Retapamulin is a bacterial protein synthesis inhibitor belonging to a class of compounds called pleuromutilins. These compounds inhibit the initiation of protein synthesis by binding to a specific site on the 50S subunit of bacterial ribosome (domain V of 23S rRNA). This binding site involves ribosomal protein L3 and is in the region of the ribosomal P site and peptidyl transferase center. By virtue of binding to this site, pleuromutilins inhibit peptidyl transfer, block P-site interactions, and prevent the normal formation of active 50S ribosomal subunits.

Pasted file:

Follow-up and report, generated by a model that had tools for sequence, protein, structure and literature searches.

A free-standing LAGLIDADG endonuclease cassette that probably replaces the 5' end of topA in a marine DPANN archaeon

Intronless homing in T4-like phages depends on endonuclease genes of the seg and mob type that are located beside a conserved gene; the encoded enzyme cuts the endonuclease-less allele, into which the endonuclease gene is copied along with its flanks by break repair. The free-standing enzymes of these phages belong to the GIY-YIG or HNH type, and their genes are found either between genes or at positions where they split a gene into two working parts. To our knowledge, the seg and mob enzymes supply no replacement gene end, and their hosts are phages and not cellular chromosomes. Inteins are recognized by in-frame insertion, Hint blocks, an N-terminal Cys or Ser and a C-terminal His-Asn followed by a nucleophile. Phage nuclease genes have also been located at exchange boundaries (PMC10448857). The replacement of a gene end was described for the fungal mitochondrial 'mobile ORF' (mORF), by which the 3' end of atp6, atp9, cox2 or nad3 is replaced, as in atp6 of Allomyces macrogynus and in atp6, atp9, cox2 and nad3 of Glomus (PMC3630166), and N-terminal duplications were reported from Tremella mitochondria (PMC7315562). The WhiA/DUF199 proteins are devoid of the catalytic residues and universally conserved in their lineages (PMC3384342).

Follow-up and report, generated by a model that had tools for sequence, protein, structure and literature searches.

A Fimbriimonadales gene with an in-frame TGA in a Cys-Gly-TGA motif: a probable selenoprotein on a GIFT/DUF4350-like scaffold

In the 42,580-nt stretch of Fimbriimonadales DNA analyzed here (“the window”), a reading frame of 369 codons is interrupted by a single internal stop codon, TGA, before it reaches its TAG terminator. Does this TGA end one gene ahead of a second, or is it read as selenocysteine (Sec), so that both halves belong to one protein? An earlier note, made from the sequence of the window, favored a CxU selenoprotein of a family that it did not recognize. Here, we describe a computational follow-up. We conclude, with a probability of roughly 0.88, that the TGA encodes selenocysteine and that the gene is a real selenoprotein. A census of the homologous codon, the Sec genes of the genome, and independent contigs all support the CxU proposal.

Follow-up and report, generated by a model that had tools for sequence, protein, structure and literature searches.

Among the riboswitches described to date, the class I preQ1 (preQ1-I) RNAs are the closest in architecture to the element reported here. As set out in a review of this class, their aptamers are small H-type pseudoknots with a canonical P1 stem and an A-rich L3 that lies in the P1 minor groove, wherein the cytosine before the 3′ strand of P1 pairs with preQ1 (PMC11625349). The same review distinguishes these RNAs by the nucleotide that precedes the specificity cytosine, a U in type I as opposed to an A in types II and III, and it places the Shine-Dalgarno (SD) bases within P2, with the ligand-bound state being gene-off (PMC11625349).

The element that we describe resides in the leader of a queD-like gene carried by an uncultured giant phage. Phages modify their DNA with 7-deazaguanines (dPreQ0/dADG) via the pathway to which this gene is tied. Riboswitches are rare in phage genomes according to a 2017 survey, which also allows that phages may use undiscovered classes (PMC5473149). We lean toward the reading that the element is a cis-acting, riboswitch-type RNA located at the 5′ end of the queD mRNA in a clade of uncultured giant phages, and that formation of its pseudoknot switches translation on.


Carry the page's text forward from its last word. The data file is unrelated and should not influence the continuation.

Retapamulin is a semisynthetic pleuromutilin antibiotic. This drug is usually bacteriostatic in action, but may become bactericidal at highed concentrations (when MBC is 1000 times higher than MIC). Retapamulin acts by selectively inhibiting the initiation of protein synthesis in bacteria at the level of bacterial 50S ribosome.
In vitro studies with human liver microsomes demonstrated that retapamulin is extensively metabolized to numerous metabolites, of which the predominant routes of metabolism were mono-oxygenation and N-demethylation. The major enzyme responsible for metabolism of retapamulin in human liver microsomes was cytochrome P450 3A4 (CYP3A4).